Five pressing education issues you’ll see in 2014

Below are the five biggest issues that CSG has identified as facing education in 2014.

Technology and digital learning

Used more and more to supplement face-to-face instruction, Goins notes, this will come as no surprise to ed-tech advocates and stakeholders. But the move to a more digital form of learning, the increased prevalence of “bring your own technology” and one-to-one initiatives, and expanded access to mobile devices and apps mean that educational technology remains at the forefront. Accompanying this is the issue of access and ensuring equitable and reliable high-speed internet access for all students in all schools.

K-12 assessment and accountability systems

States are moving to online assessment systems as the Common Core State Standards are implemented, and two assessment consortia–PARCC and Smarter Balanced–aim to create assessments that collect data and enable teachers and administrators to analyze that data for real action.

Early childhood education

More and more research demonstrates links between early childhood education and success in later years. Links also have been made between early childhood education and smaller achievement gaps and fewer disciplinary problems in school and adulthood. Many states are examining whether they have the means to expand early childhood education opportunities and offerings.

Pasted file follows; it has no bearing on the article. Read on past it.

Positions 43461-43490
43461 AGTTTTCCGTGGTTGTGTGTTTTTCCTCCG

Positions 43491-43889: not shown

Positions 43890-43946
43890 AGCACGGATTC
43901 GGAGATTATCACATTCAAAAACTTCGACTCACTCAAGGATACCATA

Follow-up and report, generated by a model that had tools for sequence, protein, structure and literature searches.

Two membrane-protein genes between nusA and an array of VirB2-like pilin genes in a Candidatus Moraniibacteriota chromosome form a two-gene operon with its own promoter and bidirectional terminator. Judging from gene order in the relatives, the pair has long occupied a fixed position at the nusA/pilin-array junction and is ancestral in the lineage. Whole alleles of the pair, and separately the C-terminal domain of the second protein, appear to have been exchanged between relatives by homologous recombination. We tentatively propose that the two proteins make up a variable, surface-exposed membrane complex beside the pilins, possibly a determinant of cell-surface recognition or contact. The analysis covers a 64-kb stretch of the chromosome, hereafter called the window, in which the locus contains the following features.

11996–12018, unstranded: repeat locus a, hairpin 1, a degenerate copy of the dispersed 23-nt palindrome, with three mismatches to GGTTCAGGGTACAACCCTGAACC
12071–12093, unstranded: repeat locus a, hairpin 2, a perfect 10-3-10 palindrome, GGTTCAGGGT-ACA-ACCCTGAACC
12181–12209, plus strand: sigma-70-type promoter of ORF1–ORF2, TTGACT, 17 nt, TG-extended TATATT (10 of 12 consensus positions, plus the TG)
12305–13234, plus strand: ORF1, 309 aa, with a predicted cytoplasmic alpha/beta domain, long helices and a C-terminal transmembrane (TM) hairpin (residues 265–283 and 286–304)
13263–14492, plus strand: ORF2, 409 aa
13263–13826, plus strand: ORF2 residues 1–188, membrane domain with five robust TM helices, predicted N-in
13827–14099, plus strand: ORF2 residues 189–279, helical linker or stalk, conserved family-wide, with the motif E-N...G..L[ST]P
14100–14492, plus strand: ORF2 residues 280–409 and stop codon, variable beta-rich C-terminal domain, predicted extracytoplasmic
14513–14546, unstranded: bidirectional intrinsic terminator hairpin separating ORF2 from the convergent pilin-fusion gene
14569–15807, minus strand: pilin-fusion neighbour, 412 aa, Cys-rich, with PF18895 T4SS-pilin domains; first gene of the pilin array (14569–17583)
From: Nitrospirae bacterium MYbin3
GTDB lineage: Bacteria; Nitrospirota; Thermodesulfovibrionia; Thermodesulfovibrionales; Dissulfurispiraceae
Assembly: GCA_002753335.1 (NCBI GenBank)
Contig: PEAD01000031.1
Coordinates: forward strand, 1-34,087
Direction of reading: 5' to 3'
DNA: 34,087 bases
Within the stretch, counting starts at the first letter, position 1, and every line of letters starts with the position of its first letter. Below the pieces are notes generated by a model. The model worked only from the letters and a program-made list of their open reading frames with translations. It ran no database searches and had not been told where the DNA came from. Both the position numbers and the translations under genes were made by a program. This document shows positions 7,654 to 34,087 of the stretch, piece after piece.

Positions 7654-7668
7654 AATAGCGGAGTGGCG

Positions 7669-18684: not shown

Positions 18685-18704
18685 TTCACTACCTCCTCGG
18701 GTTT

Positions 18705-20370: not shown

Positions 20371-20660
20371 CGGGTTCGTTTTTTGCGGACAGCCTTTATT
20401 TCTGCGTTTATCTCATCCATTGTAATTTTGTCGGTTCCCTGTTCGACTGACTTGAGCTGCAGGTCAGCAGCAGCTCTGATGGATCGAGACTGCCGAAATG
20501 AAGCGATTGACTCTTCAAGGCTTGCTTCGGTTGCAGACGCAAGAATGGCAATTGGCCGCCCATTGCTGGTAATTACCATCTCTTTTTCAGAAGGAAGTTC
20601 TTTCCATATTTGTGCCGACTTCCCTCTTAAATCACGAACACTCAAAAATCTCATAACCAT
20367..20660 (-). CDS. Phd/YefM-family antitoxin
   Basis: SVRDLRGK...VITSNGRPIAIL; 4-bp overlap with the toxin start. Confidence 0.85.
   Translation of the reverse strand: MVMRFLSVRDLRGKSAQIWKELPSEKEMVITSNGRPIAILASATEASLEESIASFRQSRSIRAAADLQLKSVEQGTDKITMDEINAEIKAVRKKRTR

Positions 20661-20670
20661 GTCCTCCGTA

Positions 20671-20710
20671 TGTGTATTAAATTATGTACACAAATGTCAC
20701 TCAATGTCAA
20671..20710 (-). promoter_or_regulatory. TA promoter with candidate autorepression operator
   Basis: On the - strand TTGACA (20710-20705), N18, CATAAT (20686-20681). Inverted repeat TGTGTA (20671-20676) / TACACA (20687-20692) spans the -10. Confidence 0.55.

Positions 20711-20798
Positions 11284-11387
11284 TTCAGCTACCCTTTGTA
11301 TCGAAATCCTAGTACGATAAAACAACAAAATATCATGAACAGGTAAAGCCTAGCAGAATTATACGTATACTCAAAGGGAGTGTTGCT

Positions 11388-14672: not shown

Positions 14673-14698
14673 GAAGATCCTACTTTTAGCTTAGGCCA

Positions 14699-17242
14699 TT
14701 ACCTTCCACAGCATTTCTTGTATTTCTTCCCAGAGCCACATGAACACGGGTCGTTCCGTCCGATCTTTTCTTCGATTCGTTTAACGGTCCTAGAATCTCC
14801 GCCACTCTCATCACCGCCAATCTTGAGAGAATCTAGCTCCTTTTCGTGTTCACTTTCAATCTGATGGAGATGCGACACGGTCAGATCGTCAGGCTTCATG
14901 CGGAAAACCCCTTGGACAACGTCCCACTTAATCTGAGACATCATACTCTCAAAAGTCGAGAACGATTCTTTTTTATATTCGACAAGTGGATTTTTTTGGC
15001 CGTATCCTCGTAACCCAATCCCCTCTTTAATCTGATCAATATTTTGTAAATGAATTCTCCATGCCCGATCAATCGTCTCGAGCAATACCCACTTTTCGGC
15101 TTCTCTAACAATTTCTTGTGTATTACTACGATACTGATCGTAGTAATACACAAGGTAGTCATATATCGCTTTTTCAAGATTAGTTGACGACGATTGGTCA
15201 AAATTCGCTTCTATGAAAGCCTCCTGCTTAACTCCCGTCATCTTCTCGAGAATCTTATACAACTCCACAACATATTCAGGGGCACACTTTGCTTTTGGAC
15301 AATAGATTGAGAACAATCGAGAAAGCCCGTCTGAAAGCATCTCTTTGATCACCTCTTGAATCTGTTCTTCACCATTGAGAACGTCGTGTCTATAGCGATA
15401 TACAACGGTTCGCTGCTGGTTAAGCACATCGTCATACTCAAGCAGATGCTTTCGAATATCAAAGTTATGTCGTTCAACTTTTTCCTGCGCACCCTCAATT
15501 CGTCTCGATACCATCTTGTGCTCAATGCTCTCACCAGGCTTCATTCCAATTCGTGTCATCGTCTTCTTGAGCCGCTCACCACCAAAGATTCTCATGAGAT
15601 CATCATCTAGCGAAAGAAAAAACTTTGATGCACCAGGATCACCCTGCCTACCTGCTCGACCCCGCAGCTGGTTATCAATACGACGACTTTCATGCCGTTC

College, workforce, and life readiness

One reason stakeholders emphasize the need for students to use technology on a daily basis in school is to help them develop skills that will be valuable in college and the workforce. When students use technology tools, problem-solving skills, critical thinking, and more, they are developing the very abilities that will help ensure success in college or in global, high-competition careers.

Degree attainment and college completion

More and more, state policymakers have focused on college attendance and completion in efforts to demonstrate how important higher-order skills and knowledge are to the workforce. Setting goals to ensure that more students enroll in and complete college will be one of the most important issues of 2014.

Laura Ascione

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